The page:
Design is one of the highest expressions of twentieth-century creativity, and Achille Castiglioni is one of its greatest masters. His objects stand as clear examples of rigorous method, technical skill, exuberant talent, and wit, combined to achieve a beauty that is fulfilling on both a rational and an emotional level. His work exemplifies the ideal of good design.
With his functional and purist yet playful objects, Castiglioni has shown that form and function, while certainly the main ingredients for successful design, cannot be a designer’s only concerns. He has thus contributed invaluably to updating modernist design to contemporary modern.
Department of Architecture and Design
Excerpt from MOMA exhibition
We apologize if we have failed to credit a quote or an image to the correct source. Please let us know and we will correct the error.
A is for Aulenti
Gae Aulenti 1927-1912
We begin this retrospective with Gae Aulenti (December 4, 1927 – October 31, 2012) an Italian architect, lighting and interior designer, and industrial designer. She was well known for several large-scale museum projects, including Musée d’Orsay in Paris (1980–86), the Contemporary Art Gallery at the Centre Pompidou in Paris, Palazzo Grassi in Venice (1985–86), and the Asian Art Museum of San Francisco (2000–2003). Information via Wikipedia
Quote: “advice to whoever asks me how to make a home is to not have anything, just a few shelves for books, some pillows to sit on. And then, to take a stand against the ephemeral, against passing trends…and to return to lasting values.”
Sparsal Rocking Chair 1962
Gae Aulenti Italian Architect , Industrial Designer
Sparsul Rocking Chair 1962
Gae Aulenti Italian Architect and Industrial Designer
tavolo con ruote
Tour Table by Gae Aulenti
Available through: www.mintshop.co.uk
Architect and Industrial Designer at Home
Architect and Industrial Designer at Home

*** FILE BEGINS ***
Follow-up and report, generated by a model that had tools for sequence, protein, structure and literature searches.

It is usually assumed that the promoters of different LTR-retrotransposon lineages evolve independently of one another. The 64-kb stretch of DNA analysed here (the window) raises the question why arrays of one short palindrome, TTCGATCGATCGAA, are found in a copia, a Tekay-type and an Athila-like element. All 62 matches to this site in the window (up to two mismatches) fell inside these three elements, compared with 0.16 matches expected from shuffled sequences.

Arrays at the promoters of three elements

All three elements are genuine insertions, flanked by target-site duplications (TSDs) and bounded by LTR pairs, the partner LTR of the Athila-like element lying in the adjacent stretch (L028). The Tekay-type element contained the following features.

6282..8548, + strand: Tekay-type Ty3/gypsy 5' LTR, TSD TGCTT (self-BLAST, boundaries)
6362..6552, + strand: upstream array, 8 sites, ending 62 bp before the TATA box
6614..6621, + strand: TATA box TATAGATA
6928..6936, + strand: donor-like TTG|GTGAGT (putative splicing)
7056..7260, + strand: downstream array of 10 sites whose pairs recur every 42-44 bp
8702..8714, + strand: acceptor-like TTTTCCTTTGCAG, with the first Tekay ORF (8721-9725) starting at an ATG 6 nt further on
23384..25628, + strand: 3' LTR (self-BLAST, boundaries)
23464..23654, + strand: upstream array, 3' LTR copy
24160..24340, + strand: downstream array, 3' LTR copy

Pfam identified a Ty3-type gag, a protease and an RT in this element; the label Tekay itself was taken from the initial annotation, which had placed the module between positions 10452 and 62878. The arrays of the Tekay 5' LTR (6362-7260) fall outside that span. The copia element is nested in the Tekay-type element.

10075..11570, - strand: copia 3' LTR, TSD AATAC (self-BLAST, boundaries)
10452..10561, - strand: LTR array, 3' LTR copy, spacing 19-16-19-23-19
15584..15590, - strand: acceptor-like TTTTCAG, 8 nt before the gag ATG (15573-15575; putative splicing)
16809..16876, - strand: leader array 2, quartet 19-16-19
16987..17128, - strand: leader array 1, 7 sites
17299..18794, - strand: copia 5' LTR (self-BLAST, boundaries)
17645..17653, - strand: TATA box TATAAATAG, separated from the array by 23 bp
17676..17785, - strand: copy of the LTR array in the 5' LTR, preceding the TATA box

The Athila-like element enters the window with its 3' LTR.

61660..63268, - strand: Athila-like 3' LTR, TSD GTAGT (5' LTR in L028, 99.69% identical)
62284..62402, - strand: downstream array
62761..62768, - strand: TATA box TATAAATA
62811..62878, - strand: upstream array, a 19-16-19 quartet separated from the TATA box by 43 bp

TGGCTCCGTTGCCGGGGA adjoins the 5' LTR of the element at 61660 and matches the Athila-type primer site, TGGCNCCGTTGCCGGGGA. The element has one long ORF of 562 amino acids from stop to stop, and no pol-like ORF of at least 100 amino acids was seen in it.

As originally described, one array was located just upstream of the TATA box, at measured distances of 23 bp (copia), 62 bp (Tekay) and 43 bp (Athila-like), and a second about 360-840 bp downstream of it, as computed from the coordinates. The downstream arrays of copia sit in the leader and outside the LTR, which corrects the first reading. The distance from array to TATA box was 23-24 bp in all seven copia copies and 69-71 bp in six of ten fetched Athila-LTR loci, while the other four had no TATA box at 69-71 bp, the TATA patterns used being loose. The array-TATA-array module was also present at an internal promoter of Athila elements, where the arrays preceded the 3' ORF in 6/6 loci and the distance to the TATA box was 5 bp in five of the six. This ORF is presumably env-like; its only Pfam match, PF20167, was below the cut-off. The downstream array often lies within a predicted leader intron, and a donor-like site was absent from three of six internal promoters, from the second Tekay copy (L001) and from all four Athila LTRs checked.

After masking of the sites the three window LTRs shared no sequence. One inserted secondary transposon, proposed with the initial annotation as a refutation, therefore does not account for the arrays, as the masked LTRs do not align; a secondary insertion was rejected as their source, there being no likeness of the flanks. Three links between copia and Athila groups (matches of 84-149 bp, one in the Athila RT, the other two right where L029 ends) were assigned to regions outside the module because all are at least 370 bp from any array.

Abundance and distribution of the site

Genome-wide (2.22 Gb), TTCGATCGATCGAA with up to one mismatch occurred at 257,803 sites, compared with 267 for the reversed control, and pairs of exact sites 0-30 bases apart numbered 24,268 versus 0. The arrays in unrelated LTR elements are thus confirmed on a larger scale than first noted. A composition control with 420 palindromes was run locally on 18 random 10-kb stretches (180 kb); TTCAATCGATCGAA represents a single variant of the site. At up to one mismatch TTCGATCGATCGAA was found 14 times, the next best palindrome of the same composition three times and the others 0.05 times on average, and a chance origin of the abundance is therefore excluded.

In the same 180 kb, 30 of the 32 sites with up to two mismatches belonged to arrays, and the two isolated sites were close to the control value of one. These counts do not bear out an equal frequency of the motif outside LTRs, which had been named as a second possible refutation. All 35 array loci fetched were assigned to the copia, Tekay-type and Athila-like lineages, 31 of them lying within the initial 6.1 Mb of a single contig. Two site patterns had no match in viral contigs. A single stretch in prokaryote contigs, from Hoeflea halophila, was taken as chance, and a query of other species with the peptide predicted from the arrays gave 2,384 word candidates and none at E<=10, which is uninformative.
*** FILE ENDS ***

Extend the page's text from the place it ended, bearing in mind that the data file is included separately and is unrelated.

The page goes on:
Ms. Aulenti was one of the few Italian women to rise to prominence in architecture and design in the postwar years. Her work includes villas for the rich, showrooms for Fiat, shops for Olivetti, pens and watches for Louis Vuitton, and a coffee table on wheels that is in the collection of the Museum of Modern Art in New York.
“I’ve always worked for myself, and it’s been quite an education. Women in architecture must not think of themselves as a minority, because the minute you do, you become paralyzed. It is most important to never create the problem.” Gae Aulenti
We welcome our friend and guest blogger, Charu Gureja. “I’m an interior designer, passionate about interior spaces, architecture, furniture, lighting and art. Generally speaking, I enjoy anything and everything related to art and design! Growing up in countries like Egypt, Japan, Sri Lanka, India and Singapore, I’ve come to appreciate a wide variety of design principles.” Pocket Full of Design . Charu brings to us her global point of view and her specific interest in modern lighting.
Like other elements of Mid-century Modern design, lighting fulfills both the aesthetic and functional needs of a space while eliminating the need for extraneous decoration. The fixtures have simple yet sculptural forms, which make them versatile enough to fit into spaces of any style, be it traditional, industrial, eclectic or contemporary.
Through the following examples I hope to inspire you to create your own unique look using Mid-century Modern lighting. The Paradigm Gallery website and blog are a great resource in terms of inspiration and products to help you along and I’m thankful to them for inviting me to share my thoughts here!
Paradigm Gallery is proud to offer products from several new partners. While we are restyling our website we have not shown the full array of our new modern furniture options, but they will be coming soon. The new year, 2014, is an important beginning for Paradigm Gallery’s emphasis on modern designs manufactured in the USA and Europe. The emphasis is on environmental awareness in sourcing the materials and quality furniture.
The Osaka Chair
Lounge22 retail furniture and rental furniture is hand crafted in Los Angeles, California. Lounge22′s product is designed and fabricated with the highest level of integrity.
Osaka Chair: The Osaka makes use of future-forward technology to literally bend matter; in this case, sustainable bamboo. This beauty’s smart design and unequaled craftsmanship make it a timeless addition to any room. A signature addition to our collection, the Osaka Chair is part of Lounge22′s Green Line. Made from sustainable bamboo.